What is Incapacity?   

Incapacity is defined in Iowa the same as incapacity for a guardianship or a conservatorship under Iowa Code §633.556.  It is defined as functional limitations that make a person unable to communicate or carry out important decisions concerning a person’s affairs.   

What happens if I am in the hospital and unable to make decisions?  What happens if I am incapacitated by illness or injury?  Who will handle my financial affairs?  Who will handle my healthcare decisions?   

Incapacity planning is more important now than ever. 

What tools are available?  

Power of Attorney—The Iowa Uniform Power of Attorney Act – Effective July 1, 2014  

What is a Power of Attorney?  Any grant of authority in writing or other record from a principal to an agent which appears from the grant to be power of attorney.  It is a basic document or agreement to allow someone to make decisions for you, if you are unable.  Your “agent” or power of attorney must act in your best interest and can only do what your power of attorney form allows.  It can give broad powers or limited powers such as paying bills, buying or selling real estate, operating a business or entity, pursuing or defending lawsuits, paying taxes, etc.  It is best to consult an attorney to explain the legal ramifications of granting someone a power of attorney.   

Durable Power of Attorney for Healthcare Decisions–  

What is a Durable Power of Attorney for Healthcare Decisions?  It is just as it sounds.  If you become incapacitated, it allows your agent to make decisions regarding your healthcare and communicate with your care physicians.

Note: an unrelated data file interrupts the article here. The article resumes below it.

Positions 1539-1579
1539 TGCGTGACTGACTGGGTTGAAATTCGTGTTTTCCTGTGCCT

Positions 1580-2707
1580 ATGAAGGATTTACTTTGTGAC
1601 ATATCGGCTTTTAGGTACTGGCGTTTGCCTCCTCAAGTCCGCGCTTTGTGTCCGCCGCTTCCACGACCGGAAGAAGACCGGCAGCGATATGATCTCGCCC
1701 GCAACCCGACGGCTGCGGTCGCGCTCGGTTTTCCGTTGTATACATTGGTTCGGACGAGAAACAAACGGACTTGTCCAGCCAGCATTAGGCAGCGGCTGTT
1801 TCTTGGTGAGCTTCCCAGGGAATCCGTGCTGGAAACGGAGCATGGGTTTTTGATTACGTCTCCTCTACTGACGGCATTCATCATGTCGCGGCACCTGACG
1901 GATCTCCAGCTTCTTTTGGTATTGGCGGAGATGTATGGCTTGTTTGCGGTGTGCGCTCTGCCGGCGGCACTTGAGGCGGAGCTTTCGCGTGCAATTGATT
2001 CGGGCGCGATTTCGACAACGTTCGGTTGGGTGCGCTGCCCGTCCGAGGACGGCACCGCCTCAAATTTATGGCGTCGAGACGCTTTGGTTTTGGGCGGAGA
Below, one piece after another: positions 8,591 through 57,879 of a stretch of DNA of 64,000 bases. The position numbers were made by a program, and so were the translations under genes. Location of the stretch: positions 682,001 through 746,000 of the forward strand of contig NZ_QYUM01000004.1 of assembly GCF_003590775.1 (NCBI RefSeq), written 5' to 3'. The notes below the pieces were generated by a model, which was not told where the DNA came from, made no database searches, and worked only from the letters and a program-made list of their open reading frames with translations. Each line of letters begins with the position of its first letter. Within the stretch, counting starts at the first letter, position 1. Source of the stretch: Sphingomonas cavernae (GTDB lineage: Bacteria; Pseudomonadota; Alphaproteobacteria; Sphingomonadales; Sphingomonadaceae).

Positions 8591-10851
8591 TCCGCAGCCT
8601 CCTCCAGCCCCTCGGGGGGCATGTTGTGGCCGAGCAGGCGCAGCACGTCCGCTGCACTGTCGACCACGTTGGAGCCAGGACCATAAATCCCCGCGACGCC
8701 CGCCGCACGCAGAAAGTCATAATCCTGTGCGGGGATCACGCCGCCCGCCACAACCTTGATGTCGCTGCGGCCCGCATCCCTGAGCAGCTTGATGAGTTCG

When Should I designate a Power of Attorney or Durable Power of Attorney for Healthcare Decisions?   You should make these designations while you are able—before your incapacityMaking these designations now does not relinquish your ability to make these decisions for yourself 

What happens if I do not designate a Power of Attorney or Durable Power of Attorney for Healthcare Decisions before I become incapacitated?  If you do not plan ahead and choose someone to make these decisions, a Court may have to appoint a guardian and/or conservator to handle your affairs.  This is a much more complex and costly alternative.  It may not be the person you would choose.   

Note:  For Federal and/or VA benefits, you may need a special form.     

This information does not develop an attorney-client relationship and is not legal advice.  You should consult with an attorney for advice on any estate planning.   

Ashley Allen